Computer makes different sound when beeping when starting up PC

By Roygbiv
Jan 29, 2012
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  1. Hi everyone, new to the forum here.

    A friend of mine built me a PC about 8 months ago. As the tower was getting a little 'warm', I decided to open up the tower and clean the fan using compressed air and also (what I think is the CPU, as it was just behind the fan) a little brush as it was covered in dust (the brush is kind of like the thing old ladies use when dying their hair on the roots, it's like a long black brush and isn't very hard at all, I've read that people have cleaned them using a toothbrush, I'd never do that).

    Anyway, since then, my PC is alot louder than usual, it tends to make a noise which is like some kind of scraping sound and the 'beep' sound on startup sounds a bit different (hard to explain, but not as clear or healthy sounding, if that makes sense).

    It seems to be running fine though, no problems at all but I am concerned about the loud noise (like a gentle scraping like sound) and how the beeping sound is different from before. It could just be a noisy fan and now that it's clean it's even noisier (especially when starting up).

    As I know nothing about computers, I'm somewhat afraid that I've done something drastically wrong when cleaning the inside of my PC fan and the front of my CPU. Or it could have always been that way but I never really noticed it before (I'm very OCD about computers).

    I should also mention that I didn't touch the hard drive when I cleaned out the components.

    Should I have reason to be concerned? I'd hate to think that one day my PC would pack up on me as it cost me quite a bit and I do all my work and just about everything on there. Needless to say, it's very precious to me. It may just be a 'cosmetic' thing as everything seems to work just fine, it's just the noise and the weird beep when it starts up.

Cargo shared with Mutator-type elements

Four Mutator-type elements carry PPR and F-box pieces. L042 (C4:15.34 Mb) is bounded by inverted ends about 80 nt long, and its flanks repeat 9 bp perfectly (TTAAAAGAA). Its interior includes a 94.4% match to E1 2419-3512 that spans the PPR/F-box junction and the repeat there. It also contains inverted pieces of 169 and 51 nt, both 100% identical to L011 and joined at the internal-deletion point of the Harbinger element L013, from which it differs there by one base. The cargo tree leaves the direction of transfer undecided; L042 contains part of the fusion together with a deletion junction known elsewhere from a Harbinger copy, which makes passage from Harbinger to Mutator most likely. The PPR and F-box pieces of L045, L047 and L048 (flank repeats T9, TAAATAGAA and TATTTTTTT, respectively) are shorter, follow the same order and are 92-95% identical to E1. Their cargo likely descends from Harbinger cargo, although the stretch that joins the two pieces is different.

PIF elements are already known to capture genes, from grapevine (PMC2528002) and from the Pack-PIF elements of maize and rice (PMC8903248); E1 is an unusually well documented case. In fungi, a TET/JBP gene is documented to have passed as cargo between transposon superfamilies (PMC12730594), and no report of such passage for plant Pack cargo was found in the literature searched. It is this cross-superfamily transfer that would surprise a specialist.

Thanks in advance-

  2. Leeky

    Leeky TS Evangelist Posts: 3,797   +116

    I would check the CPU cooler to make sure you haven't moved a lead into the fans path. When you say you cleaned it with compressed air, did you stop the fan from spinning as you did it, or did you allow it to speed up as the air blasted it?

    If you've allowed it to spin up whilst being blasted with air its possible you've let it go too fast and caused wear to the bearings of the fan, hence the louder noise.

    When cleaning moving components (fans for example) using blasts of compressed air, it is essential to provide a means of stopping them from moving. For example, using the end of something like a screwdriver against the side of the blade will stop it from spinning. Spinning up fans faster than their designed specifications can cause premature wear to them.

    With the side panel off, fire up the computer (do not touch any of the hardware with it running), and see if you can locate where the noise is coming from inside the case. It could be one of the fans, or it could be the CPU cooler fan. Also, have a good look around all of the moving parts and make sure that all wiring is away from fans -- including the GPU (graphics card) if one is fitted.
  3. Roygbiv

    Roygbiv TS Rookie Topic Starter

    Ok thanks for the tip. I'll try it out later in the day.

    Is this a serious issue though? I think the compressed air did actually make the fan move if I rememberer.

    I just hope it won't cause any damage in the long run. I emailed a friend whose an expert in computers and he said that perhaps the screws weren't screwed in properly and really wasn't that serious, or else the computer wouldn't be able to boot up at all.

    Here is his reply:

    The first thing I'd do is make sure all the internal cards and any fans are secure inside. Just push them firmly into place (it sometimes takes quite a bit of pressure), the odd beeping is usually a sign that a card is in crooked and can't be accessed properly.

    This is certainly not anything too serious mate, else the computer wouldn't be able to boot at all.